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Street Food

Food Exposure

When we struggle in our relationship with food it can greatly impact our quality of life. Individuals often experience restriction, compulsions, avoidance, checking and  engaging in safety behaviors because of having a fear around a certain food, or food aversion. Food fears and food avoidance are often significant components of eating disorders, OCD and phobias.

Food fears and food avoidance can be the result of:

  • Having had a previous negative experience with food

  • An adverse reaction to the experience of eating itself

  • Concerns around the possible consequences of eating

  • Negative sensory experiences such as the feel of textures, the taste, and smells of food, the sound of eating or the sight of food

  • Strict rules around the experience of eating

  • Concerns with the impact that food can have on the body


Exposure and Response Prevention (ERP) is an evidence-based treatment for the treatment of food fears and food avoidance. Through food exposure we are able to teach the brain new information by having the individual confront feared stimuli without engaging in compulsive behaviors. By engaging in response prevention, individuals can develop confidence in their ability to tolerate discomfort and uncertainty. Challenging your food fears and healing your relationship with food, will help you reconnect with your values and aspirations improving your quality of life.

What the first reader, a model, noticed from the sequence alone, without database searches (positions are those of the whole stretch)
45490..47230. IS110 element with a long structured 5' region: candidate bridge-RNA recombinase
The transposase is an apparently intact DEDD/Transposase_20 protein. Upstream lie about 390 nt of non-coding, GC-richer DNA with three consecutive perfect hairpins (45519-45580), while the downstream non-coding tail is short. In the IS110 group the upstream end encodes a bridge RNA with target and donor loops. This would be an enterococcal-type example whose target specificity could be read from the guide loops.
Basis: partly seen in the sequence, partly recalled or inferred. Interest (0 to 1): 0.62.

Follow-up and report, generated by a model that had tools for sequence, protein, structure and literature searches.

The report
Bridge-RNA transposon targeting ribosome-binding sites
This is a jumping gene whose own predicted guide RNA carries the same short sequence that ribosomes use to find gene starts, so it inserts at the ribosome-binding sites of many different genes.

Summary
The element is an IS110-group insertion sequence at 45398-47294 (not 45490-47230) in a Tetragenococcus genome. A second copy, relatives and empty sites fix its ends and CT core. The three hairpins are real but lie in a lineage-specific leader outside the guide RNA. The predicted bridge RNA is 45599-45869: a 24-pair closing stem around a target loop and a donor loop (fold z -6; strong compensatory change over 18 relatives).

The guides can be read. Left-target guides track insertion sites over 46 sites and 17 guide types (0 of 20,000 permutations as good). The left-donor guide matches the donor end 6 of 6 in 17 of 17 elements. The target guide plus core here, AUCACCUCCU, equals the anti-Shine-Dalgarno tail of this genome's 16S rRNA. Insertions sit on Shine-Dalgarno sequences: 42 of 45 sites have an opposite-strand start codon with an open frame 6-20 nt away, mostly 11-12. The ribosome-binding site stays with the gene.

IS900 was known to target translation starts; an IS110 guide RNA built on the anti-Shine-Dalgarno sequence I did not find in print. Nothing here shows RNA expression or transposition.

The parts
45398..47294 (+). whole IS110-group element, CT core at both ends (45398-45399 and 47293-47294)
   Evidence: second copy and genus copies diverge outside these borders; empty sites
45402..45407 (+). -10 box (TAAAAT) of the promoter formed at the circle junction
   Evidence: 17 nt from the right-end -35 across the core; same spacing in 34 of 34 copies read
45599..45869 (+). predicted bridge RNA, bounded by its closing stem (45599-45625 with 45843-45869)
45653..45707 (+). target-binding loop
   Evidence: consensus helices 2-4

The Benefits of Working with an OCD and Eating Disorders Dietitian Nutritionist

  • Optimize your energy, mood, and sleep by learning to enjoy all foods that you love without depriving yourself.

  • Cultivate awareness, curiosity and compassion for yourself, behaviors, patterns, and thoughts regarding food choices and amounts.

  • Develop a personalized and flexible nutrition plan to optimize your overall well-being. This may include meal and snack timing and suggestions, hunger and fullness awareness, how to increase satisfaction and pleasure from food, gentle nutrition information that can be used as a guideline for making food decisions, how to cultivate a positive relationship with food and your body.


For more information contact:

Katie Jeffrey, MS, RDN, CSSD, MB-EAT-QI, LDN

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